As a redshirt freshman at Bowling Green in 2015, I was incredibly fortunate to learn under head coach Dino Babers and quarterbacks coach Sean Lewis. But they left for Syracuse before I ever played a game. The next fall, with a new system with new coaches, I won the QB job and had a decent season. But our team struggled when I was a sophomore and changes were made, including at quarterback. I was surprised and disappointed — and forced to make a decision.
One of my old coaches had always told me, “Believe in spite of the evidence, and then watch the evidence change.” And for me, despite the tough season, my resiliency and my belief in myself had never been stronger. I was eager to compete for the game and the position I loved. Bowling Green was a great introduction to college football, a great place to get my feet wet, but I was hungry to get back on the field and lead a team — like I knew I could.
I purchased a physical list of more than 100 schools for $50 from a friend who ran a recruiting service. I sent out emails and highlight videos to 30 different teams. Only one coach — Bryn Renner from Florida International — called me up.
At FIU I started nearly every game in 2018 and ’19 and played the best football of my life. My career hasn’t followed a clear, straight path, but the twists and turns I’ve had to take couldn’t have prepared me better to be your quarterback. I’ve had to learn three different offenses as a college QB, and just as important, I’ve had to earn the respect and trust of two different football teams.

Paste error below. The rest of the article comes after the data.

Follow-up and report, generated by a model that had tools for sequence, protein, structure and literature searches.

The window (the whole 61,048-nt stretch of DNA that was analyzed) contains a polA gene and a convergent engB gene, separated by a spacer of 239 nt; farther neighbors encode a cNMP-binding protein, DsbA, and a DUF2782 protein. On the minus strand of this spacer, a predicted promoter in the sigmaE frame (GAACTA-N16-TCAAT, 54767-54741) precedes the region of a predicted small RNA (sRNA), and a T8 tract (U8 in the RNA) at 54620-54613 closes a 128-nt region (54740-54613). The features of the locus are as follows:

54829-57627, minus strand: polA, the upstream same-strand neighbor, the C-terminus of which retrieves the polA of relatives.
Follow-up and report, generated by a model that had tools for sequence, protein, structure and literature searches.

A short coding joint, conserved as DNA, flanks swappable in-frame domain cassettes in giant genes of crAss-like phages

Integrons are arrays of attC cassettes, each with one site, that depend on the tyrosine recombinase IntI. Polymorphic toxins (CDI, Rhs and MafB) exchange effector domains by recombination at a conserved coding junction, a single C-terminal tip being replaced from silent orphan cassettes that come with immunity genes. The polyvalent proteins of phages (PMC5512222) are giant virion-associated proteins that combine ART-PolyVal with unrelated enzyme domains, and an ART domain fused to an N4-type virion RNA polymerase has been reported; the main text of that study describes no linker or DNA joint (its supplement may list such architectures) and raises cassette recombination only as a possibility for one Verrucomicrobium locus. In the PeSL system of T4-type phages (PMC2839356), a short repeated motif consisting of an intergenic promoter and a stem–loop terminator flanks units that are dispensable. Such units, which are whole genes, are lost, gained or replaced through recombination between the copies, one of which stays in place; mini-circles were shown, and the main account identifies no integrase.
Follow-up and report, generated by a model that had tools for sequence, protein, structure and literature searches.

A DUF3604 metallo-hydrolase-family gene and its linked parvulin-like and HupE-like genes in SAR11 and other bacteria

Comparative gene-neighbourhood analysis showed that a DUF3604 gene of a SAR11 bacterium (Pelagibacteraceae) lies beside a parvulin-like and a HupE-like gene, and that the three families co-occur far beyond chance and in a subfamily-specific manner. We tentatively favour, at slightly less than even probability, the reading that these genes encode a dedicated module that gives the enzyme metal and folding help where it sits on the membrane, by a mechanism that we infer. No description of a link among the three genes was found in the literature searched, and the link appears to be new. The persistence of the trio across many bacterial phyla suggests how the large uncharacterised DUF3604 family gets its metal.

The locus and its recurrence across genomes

Technically, what’s prepared me the most is that I played in a pro-style offense. Coach Babers ran the spread at Bowling Green. It was great. There’s lots for a quarterback to do — you make a lot of deep throws that showcase your arm strength. But the spread is also about getting the ball to your best athletes and letting them make plays. As a quarterback you’re more concerned with dissecting coverages than aligning protections.
So the spread is simpler, but the pro-style offense actually suits me better. I like knowing who is protected, who is accounted for, and who’s picking up the blitz. Like I said earlier, I’m at my best when I’m dealing with that level of detail — the more the better. I like being the leader on offense, and I see it as one of my jobs to know what everyone else is doing.
Beyond the X’s and O’s, one of my favorite parts about being a leader is setting lofty expectations for my teammates — and then laying the groundwork for them to achieve them. It’s really rewarding when you help someone accomplish something that maybe they thought they couldn’t. And I’ll work day in and day out with everyone to reach those goals, because there’s absolutely no better feeling than seeing a teammate do the impossible.
In a way, I look at this letter and still feel like the kid who wrote to 30 schools, hoping for a chance. I got overlooked a lot between high school and this moment. I still have a chip on my shoulder, still want to show people that they were wrong about me. And if it’s possible, I’m even more motivated now.
I’ve got so much left to prove.
And just like in 2017, I only need one answer and one team.